travel

Travel: Luxembourg With Kids

Our quest while living in Ireland is to visit as many places in Europe as possible. If only those pesky things like budgets, school and work didn’t always get in the way. Am I right?

Over the holidays, while the kids were off from school, we had the opportunity to visit Barcelona, Luxembourg and Paris. I wrote about our experience in Barcelona here. I’ll write about Paris soon.

Luxembourg came about because we had a gap in our itinerary and we could easily reach it via train from Paris. Luxembourg is a country, but also a city. To distinguish between the two, Luxembourg City seems to be referenced when speaking of the municipality and not the country.

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We ended up staying two nights in Luxembourg City, but only had one real day for exploring with our kids, ages 7 and 10.

If you ask them, they will say Luxembourg was their FAVORITE place on our trip. Part of their reasoning is due to happenstance and good timing – two things we all wish for when traveling!


WHERE WE STAYED
Hotel Novotel Luxembourg Centre
Pros:
– Amazing breakfast. Waffles, eggs, potatoes, all the breads, cereals, meat, etc.
– Gift for kids at check-in. This time it was a stuffed animal! Huge hit. They also gave the adults socks! (And, no, this is not an ad for Novotel.)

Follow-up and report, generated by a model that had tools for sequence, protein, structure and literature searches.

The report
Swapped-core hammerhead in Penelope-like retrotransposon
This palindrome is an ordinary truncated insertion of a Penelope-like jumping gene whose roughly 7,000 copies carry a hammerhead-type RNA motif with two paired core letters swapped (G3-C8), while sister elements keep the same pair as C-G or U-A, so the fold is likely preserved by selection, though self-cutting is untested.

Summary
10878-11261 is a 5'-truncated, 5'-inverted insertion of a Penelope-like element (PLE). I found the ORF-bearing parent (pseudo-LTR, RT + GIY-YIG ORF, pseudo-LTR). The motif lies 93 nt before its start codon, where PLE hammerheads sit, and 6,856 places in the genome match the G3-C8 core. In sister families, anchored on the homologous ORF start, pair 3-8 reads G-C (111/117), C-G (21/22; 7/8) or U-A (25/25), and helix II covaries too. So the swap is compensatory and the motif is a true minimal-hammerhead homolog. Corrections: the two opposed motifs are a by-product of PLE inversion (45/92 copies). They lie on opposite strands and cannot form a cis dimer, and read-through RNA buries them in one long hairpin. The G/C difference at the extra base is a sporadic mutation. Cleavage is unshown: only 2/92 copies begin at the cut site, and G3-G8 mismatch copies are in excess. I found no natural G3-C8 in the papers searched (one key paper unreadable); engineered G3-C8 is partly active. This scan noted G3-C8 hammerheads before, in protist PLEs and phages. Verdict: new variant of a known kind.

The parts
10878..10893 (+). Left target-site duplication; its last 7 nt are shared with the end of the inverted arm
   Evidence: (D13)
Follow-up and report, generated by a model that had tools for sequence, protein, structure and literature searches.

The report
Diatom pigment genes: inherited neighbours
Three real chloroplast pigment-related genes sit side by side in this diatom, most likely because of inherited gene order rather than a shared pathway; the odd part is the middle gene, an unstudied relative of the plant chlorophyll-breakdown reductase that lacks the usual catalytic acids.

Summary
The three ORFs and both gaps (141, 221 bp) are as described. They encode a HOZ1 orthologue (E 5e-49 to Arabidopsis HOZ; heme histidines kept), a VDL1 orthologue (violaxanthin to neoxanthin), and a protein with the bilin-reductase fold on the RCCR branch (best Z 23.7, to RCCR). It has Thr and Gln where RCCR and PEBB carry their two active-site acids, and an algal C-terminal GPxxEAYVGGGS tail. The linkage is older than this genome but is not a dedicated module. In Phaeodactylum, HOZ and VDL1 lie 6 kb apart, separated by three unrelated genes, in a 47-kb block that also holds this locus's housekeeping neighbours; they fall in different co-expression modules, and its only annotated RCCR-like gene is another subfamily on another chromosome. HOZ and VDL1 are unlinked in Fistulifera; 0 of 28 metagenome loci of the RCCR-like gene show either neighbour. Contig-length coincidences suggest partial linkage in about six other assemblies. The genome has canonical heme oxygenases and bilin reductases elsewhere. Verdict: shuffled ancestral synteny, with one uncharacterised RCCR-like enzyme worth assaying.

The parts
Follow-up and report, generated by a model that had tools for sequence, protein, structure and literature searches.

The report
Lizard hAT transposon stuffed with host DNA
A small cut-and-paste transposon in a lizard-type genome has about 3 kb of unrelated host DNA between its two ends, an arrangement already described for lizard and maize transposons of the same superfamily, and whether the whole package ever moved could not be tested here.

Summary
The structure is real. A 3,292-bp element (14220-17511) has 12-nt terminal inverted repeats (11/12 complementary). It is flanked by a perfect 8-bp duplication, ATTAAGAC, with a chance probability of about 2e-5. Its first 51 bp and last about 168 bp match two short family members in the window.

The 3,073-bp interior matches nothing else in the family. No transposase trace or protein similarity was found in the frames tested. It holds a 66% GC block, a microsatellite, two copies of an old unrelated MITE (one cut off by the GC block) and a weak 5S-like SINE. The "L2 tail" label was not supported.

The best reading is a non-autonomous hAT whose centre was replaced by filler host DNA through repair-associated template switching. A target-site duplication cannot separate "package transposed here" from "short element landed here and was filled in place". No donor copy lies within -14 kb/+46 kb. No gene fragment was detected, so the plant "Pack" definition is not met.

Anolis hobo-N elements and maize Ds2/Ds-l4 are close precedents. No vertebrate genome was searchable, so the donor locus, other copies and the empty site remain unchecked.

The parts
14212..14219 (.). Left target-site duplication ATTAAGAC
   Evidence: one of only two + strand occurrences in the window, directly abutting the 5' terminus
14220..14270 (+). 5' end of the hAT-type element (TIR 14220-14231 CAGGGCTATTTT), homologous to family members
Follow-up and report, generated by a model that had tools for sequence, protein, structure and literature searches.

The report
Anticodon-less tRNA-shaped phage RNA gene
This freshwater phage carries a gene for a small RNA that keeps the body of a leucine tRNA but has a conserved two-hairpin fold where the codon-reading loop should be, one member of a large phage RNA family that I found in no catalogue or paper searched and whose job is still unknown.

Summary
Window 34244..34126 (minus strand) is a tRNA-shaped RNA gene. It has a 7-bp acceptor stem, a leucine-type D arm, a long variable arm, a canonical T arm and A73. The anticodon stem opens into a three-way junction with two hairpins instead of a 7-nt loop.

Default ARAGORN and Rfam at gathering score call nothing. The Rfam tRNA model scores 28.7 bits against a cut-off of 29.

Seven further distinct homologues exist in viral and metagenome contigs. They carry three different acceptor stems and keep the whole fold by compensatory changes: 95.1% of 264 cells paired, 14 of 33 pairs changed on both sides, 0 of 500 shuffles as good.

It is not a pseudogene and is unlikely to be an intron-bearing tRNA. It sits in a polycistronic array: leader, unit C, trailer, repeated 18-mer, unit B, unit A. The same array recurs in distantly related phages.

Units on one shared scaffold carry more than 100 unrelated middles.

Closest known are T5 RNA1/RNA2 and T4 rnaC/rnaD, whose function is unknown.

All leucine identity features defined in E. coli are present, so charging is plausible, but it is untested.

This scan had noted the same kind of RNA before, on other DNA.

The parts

– Foosball table in the lobby. Area with books and video games for kids to play.

Cons: No real deal breakers for us, but because I did a pro list…
– No swimming pool.
– View from our room wasn’t that great –  mainly of surrounding buildings.


GETTING TO LUXEMBOURG
While Luxembourg does have an airport, we took the train from Paris. It’s only a 2 hour trip on the high speed TGV France – Luxembourg train, which is run by SNCF.

This train regularly travels at 186mph (300 km/h). It’s fast. We prebooked our tickets, so we had actual seat numbers assigned to us. There are bathrooms on board. There’s a train car with a cafe. We did not have wifi on our train. Maybe it was a fluke or maybe in the future they will have it.

Here’s the beautiful ceiling at the Luxembourg train station…

Once we were in Luxembourg, we did not feel the need to use public transportation.

Relatively speaking, the city core is pretty small and quite walkable.


WHERE WE ATE
I know you’re probably going to ask me what local delicacy we enjoyed eating while in Luxembourg.

Well. About that.

We ate at a Mexican restaurant called Chi-Chi’s and it was packed! I wouldn’t quite call the food authentic, but it was good. Best meal yet, the kids said. They got ice cream with their kid’s meal. Of course it was the best!

A random thing happened in this restaurant. I went upstairs to use the restroom. When I opened the restroom door, the first thing I saw was a man changing a baby’s diaper. I had that instinctive “oh no I’ve walked into the wrong restroom” impulse and took a step backward. He said, “Oh sorry! I had to change the baby and this was the only changing table.” I just said, “no worries” and went about finding a stall to use. That’s the first time that’s ever happened to me!